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tv   Reel America We Heard the Bells The Influenza of 1918  CSPAN  February 16, 2020 1:00pm-2:01pm EST

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total cash prizes. the winners for this year's studentcam competition will be announced march 11. 100 years ago in the spring of 1919, an influenza pandemic was finally coming to an end after killing an estimated 50 million people worldwide, including 600,000 americans. the 1918 flu was the deadliest pandemic in recent history. next on "reel america," this -- we heard the bells, the influenza of 1918, commissioned by the u.s. health and human services department, this documentary includes 1918 flu survivors telling their stories, a look at the science of the flu and the history of the pandemic and the genetic sequencing of the 1918 strain, based on remnants of the virus extracted from frozen bodies under alaskan permafrost. released in 2010, this is just under an hour.
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in 1918, i lived in sequoyah county. >> in 1918, my family was living in south philadelphia. -- in 1918, we were living in el paso, texas. >> i was born and raised in baltimore. narrator: in bustling cities and remote villages in the united states and around the world, orphan children cry for their parents in 1918. people of all cultures struggled with the same terrible threat, and with it, in a matter of as 50s, as many million would be dead. in the united states, the death toll reached 675,000, five times the number of u.s. soldiers killed in world war i. what was that deadly threat? [bell tolls] ♪
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[bell tolls] >> many people died. we had just come from a few years before from mexico, where we were living. on account of the mexican revolution. i was about, i was the oldest. my four brothers and sisters of the family, only my dad and my sister did not get it. my two brothers were in one room sick, i was sick in the other bedroom with my mother.
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my poor dad and sister had to be our attendance and do what they could do for us. influenza gave you such high fever. mother told me that i thought her black hair was a cat and i was afraid it was the delirium from the high fever. people are left very weak. that high fever. public schools and public places closed. i guess for nearly two or three weeks. ♪ >> i was eight years old. we lived near my dad's mother. she and her daughter and two grandchildren were living close to us. when they got the flu and got sick, my parents, we just moved in with them to where my mother could nurse them and take care
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of them. at that time, my mother was 25 years old. she had three children. she was expecting another baby in may. this was in february. she had taken care of eight patients, at one time, very sick patients with the flu, with no convenience, no modern facilities whatsoever. mother had to get the wood to keep heat in the house to keep all of the fires going, plus to do the nursing care with a tients. eight pa ♪ >> my father always went by "good morning", that was his indian name. at that time, he was working in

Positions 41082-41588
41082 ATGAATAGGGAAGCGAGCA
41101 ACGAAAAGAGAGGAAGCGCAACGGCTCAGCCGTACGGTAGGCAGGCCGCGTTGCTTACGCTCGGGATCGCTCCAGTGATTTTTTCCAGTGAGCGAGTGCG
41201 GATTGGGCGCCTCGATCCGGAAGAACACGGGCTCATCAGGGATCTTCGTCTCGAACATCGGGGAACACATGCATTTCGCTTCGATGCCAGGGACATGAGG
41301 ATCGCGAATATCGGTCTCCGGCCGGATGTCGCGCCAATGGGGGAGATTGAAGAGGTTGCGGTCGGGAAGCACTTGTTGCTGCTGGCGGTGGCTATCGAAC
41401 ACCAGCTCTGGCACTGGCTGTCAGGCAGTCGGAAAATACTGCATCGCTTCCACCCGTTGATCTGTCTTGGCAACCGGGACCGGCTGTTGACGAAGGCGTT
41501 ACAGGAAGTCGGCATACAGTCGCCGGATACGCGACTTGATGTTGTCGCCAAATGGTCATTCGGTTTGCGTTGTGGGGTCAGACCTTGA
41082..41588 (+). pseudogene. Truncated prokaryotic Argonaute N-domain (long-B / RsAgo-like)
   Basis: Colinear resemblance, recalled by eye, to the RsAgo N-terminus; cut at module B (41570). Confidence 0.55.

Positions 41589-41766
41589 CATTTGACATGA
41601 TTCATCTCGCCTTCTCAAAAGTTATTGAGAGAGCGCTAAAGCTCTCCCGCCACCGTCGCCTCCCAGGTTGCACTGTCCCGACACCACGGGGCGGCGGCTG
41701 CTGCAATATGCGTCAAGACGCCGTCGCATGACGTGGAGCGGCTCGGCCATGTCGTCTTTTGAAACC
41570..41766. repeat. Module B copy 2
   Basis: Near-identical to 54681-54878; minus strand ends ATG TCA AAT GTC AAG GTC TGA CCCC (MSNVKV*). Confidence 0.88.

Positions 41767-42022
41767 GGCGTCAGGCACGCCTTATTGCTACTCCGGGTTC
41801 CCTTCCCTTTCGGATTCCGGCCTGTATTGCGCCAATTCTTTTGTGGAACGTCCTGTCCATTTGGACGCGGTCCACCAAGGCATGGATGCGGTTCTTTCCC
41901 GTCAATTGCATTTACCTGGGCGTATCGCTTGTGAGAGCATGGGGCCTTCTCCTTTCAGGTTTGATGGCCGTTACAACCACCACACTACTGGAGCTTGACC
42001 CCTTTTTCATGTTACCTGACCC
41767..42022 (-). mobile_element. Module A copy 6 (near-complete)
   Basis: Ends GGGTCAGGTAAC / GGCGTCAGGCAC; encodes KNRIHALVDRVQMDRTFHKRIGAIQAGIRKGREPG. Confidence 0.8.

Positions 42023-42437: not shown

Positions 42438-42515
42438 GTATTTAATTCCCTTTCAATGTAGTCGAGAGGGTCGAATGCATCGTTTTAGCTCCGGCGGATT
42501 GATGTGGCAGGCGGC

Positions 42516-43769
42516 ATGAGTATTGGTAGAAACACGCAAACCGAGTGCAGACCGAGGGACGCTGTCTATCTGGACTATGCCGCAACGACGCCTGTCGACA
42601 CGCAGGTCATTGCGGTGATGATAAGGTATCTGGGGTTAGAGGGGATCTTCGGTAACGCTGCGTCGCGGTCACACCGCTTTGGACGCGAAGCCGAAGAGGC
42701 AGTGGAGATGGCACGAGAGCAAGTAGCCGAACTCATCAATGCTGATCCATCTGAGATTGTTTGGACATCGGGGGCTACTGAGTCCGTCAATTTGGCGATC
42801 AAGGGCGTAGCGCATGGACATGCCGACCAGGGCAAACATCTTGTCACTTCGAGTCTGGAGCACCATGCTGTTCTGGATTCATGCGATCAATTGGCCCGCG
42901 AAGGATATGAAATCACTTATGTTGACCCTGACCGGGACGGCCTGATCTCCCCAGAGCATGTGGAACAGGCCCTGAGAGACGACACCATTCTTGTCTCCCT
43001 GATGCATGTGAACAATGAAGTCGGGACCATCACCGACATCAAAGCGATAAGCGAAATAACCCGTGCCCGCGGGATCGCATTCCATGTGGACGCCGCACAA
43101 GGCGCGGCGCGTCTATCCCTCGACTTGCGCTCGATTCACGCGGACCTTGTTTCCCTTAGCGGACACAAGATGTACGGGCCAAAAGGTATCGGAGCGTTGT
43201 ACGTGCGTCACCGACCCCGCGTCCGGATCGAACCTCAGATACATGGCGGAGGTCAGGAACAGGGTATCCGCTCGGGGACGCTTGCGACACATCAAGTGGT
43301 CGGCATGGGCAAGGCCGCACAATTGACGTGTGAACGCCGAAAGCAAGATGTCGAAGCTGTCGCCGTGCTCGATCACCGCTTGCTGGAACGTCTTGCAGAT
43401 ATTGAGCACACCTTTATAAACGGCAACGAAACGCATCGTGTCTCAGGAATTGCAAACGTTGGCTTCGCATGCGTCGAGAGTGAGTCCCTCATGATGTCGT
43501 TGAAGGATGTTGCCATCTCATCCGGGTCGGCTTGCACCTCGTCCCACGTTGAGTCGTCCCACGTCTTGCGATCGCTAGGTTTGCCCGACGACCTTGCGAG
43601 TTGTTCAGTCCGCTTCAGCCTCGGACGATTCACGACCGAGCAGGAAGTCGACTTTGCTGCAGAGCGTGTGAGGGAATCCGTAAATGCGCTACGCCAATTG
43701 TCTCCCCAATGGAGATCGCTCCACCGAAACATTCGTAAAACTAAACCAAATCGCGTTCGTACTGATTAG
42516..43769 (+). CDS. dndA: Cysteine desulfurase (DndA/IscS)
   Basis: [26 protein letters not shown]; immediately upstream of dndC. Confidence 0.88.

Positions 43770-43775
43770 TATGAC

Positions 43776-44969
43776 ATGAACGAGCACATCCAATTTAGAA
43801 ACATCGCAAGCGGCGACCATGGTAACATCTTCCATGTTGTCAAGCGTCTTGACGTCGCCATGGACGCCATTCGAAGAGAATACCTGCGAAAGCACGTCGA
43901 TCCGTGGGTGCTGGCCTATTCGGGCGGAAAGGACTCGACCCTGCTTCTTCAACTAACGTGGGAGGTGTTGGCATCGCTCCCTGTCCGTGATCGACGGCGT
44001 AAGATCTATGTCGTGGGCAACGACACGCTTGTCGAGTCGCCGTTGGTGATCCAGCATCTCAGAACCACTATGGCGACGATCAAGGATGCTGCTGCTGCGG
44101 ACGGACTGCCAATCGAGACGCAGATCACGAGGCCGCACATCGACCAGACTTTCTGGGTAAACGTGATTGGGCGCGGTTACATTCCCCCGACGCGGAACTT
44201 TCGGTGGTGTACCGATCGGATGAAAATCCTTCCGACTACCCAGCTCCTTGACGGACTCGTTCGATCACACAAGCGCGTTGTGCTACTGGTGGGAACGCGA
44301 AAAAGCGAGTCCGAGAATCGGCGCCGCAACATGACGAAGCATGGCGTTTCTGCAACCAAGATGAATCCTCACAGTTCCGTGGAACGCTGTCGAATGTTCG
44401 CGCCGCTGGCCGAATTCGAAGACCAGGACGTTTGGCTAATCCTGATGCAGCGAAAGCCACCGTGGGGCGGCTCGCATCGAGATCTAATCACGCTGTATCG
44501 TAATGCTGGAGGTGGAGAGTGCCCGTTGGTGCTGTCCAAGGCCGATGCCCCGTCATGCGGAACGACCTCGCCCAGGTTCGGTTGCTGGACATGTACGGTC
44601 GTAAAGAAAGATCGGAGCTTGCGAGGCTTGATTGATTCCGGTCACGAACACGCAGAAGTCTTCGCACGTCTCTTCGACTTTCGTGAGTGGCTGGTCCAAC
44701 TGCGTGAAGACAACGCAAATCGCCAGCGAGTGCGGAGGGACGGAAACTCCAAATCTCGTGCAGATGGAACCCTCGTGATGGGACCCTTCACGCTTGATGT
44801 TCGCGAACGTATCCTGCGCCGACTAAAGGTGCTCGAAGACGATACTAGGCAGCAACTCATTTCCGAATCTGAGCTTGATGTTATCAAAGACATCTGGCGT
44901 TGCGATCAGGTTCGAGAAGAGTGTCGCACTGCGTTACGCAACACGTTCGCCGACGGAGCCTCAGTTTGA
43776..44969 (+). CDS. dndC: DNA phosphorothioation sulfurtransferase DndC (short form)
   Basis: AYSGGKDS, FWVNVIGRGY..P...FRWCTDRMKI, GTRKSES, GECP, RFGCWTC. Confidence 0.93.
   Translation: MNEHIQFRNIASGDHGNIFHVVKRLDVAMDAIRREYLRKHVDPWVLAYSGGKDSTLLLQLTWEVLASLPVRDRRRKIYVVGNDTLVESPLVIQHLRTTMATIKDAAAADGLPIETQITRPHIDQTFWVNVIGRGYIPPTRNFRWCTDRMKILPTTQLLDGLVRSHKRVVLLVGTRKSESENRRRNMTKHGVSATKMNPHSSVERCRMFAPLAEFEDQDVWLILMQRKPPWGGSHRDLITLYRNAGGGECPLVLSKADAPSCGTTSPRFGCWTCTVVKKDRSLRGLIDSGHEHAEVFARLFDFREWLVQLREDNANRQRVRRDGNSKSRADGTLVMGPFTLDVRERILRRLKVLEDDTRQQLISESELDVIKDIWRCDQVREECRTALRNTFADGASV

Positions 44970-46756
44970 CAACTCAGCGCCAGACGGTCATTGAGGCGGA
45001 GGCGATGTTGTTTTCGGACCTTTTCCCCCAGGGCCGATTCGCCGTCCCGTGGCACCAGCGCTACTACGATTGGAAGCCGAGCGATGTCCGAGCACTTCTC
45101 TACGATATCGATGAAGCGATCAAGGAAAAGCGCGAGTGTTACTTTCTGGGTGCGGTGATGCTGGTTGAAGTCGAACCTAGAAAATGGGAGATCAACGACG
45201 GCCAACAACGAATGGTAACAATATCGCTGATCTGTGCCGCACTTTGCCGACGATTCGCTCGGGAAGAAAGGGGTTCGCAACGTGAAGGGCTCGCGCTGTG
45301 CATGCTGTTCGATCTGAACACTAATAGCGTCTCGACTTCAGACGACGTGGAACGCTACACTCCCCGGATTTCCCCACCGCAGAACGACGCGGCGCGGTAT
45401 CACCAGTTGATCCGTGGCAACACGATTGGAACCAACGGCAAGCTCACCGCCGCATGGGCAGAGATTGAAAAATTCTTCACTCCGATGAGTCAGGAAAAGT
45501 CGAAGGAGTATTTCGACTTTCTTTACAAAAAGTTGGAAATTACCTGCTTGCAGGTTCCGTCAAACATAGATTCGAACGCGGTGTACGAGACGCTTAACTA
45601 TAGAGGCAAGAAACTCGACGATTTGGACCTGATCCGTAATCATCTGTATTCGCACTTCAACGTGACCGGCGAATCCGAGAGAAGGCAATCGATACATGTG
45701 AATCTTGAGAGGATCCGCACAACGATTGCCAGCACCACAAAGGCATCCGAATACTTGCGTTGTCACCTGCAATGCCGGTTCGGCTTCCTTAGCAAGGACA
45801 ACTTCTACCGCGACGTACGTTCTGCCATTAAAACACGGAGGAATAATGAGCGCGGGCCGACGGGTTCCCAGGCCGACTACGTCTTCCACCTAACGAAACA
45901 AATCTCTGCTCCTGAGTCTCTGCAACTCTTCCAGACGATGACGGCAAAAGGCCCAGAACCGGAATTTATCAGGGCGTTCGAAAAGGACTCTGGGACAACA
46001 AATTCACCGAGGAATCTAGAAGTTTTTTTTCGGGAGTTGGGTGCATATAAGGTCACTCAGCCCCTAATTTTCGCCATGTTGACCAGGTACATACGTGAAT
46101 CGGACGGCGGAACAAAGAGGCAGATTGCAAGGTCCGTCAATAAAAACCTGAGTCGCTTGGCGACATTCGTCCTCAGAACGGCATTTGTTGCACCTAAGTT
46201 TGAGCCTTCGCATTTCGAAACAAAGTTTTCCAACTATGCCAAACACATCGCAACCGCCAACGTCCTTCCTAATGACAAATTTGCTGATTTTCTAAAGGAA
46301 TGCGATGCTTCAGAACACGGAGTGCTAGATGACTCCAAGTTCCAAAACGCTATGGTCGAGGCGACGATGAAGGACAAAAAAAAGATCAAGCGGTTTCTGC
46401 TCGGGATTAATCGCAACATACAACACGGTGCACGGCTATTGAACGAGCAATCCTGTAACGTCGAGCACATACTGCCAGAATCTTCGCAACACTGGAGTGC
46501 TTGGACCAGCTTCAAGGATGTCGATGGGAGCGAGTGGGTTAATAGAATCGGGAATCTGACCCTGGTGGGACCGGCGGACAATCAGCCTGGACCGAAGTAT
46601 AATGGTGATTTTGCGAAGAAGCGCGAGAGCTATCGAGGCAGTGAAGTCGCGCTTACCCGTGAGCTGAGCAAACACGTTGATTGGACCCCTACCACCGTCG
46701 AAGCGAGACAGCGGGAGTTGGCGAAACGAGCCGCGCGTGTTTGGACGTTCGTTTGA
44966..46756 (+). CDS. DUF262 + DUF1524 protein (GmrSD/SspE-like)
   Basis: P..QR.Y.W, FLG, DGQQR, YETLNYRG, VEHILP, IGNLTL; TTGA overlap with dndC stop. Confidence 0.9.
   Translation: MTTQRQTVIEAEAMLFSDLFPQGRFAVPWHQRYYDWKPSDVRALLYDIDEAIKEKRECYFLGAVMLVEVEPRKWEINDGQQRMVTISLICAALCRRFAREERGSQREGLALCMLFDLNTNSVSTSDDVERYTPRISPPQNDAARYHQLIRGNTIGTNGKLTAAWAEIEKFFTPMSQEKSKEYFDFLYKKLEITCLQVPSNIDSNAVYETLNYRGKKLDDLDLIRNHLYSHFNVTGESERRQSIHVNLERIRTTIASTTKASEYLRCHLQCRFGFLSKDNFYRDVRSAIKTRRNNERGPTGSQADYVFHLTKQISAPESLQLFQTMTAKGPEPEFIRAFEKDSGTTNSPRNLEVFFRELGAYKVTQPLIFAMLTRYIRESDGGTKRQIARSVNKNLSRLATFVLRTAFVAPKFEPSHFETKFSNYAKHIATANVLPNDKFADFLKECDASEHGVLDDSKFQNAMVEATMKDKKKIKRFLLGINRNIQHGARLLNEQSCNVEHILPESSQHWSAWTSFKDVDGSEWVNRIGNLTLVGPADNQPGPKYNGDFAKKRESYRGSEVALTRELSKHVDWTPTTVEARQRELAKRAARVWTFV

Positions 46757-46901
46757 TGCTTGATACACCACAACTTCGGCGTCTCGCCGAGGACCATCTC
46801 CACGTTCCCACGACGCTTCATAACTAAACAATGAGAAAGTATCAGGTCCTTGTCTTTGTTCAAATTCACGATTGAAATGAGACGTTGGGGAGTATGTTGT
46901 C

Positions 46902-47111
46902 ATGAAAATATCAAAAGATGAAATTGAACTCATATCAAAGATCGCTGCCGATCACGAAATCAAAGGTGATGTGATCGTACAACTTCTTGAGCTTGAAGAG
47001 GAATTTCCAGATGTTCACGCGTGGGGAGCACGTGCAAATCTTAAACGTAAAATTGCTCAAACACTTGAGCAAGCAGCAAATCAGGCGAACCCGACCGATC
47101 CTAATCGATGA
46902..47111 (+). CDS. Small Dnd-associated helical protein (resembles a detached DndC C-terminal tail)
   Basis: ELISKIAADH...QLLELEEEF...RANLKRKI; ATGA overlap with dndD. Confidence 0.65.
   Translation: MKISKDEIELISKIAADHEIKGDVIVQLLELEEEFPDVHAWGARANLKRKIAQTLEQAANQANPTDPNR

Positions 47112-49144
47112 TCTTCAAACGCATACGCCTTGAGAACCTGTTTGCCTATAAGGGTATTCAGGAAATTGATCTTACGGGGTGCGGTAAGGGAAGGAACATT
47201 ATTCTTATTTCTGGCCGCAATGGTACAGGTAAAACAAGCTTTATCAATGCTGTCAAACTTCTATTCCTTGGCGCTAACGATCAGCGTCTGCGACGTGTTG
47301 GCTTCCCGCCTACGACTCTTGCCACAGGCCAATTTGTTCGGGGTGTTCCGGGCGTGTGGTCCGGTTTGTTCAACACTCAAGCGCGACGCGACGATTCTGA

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tennessee for a dupont company. every time anybody was sick, he would always bring up the story about how he got sick while he was in tennessee and how a lot of people from the village that had gone were brought back sick. they were brought back in a train. he said some of them had passed away in tennessee. in 1918, my mother was just 11 years old, but she remembers the lift on the south side of the village. she remembers that church bell would ring every day. there is a certain bell for the death. she said she remembers as a little girl how awful it sounded. [bell tolls] narrator: in 1918, as now, most people didn't think of influenza as a disease that could lead to death. we suffered through the flu
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season every winter. in the u.s., the flu season usually peaks between january and the end of march. >> the symptoms of a cold are usually running nose, sometimes low-grade fever and just feeling a little wiped out. influenza on the other hand is much more pronounced than that. people will generally have a high grade fever, absolutely no energy whatsoever, muscle aches, headaches, fairly dry cough. with a common cold, you feel bad may for a couple of days. with influenza, it is sometimes a couple of weeks or more. of really severe, it can go on to cause pneumonia. narrator: complications from the flu caused an average of more than 200,000 hospitalizations every year in the u.s. and an average 36,000 people die from the complications. >> during seasonal influenza epidemics in the united states, there are certain groups that